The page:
Rural Democrats are stepping up and moving in their communities!
High school students learn about the election process (Lahontan Valley News)
About 75 Churchill County High School seniors learned about the presidential caucus process on Tuesday in the high school cafeteria.
The Churchill County Democrats were in charge of holding the mock caucus with the high school seniors.
Cynthia Trigg of the Churchill County Democrats told the students that most of them will be 18 or older by November of next year and will be allowed to vote for the next president.
Shane Groover, a CCHS senior, said he was looking forward to the election because he will be old enough to vote.
“I think it is interesting. I got to help choose the nomination,” he said of the mock exercise. “I kind of learned how delegates are chosen with the math.”
Maggie Nelson, another high school senior, said she enjoyed learning how the Nevada caucus works.
“I knew there were different precincts, but I did not know there were different stages,” she said.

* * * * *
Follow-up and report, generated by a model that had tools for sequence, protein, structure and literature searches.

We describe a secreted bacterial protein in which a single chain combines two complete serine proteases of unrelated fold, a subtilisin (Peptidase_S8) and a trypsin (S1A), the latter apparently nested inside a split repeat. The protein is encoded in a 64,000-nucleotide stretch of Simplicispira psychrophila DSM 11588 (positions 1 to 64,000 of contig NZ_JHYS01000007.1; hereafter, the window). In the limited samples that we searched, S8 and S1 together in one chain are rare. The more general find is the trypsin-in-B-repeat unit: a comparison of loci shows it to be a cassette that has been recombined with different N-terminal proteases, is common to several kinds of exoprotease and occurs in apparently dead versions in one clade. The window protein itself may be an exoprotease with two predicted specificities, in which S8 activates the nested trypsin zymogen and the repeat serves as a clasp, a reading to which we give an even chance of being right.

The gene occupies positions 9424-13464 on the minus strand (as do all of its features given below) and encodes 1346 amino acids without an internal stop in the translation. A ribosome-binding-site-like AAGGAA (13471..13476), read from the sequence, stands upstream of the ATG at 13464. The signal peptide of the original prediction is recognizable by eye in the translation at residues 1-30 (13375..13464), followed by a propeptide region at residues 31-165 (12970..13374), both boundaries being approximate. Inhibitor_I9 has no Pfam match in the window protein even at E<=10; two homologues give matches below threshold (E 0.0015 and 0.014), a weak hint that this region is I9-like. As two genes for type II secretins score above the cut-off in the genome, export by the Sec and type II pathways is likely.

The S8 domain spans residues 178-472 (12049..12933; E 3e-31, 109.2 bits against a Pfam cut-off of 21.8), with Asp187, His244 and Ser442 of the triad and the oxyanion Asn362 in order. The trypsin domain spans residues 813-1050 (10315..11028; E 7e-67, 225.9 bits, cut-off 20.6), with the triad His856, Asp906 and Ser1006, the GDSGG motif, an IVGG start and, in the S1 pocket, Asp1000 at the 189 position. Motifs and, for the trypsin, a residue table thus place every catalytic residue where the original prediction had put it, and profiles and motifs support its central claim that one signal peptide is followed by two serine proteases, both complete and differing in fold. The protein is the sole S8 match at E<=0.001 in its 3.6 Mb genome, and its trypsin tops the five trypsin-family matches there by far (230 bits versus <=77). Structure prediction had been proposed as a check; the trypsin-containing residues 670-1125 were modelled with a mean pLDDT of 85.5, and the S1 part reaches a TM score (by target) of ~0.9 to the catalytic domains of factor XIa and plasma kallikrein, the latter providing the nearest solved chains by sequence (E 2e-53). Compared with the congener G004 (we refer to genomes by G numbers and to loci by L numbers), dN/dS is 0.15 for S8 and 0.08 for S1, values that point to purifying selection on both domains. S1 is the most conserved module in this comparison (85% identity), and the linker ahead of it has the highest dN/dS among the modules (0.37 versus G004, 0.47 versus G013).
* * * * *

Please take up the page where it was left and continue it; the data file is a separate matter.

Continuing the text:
Nelson said the mock caucus has encouraged her to take part in the actual event in January.
Alicia Perazzo, a high school senior who is a Republican, said she now knows how the process works. She said did not know how the process worked before taking part in the mock caucus exercise.
“We were organized into different groups and got to voice opinions and elect delegates,” she said.
Senior students developing “candidates” for mock caucus (Fernley Courier)
Students at Lyon County public schools will be involved choosing their “favorite candidates” for President as part of a mock caucus being conducted next Wednesday, Oct. 24, in Silver Springs.
The mock caucus involving senior U.S. government students is scheduled from 9-11 a.m. at the Silver Stage High School gym for the five high schools in the Lyon County School District.
The mock caucus idea was initiated by the Lyon County Democratic Central Committee although the mock caucus (called mockuses in some instances) will be nonpartisan and involve fictional candidates developed by the high school students and Republican Party officials could also participate.
I’ll be on the lookout for Keith Trout’s follow-up article, but word is that the event was very successful and helped our future citizens to understand the process and the vital part they play in it.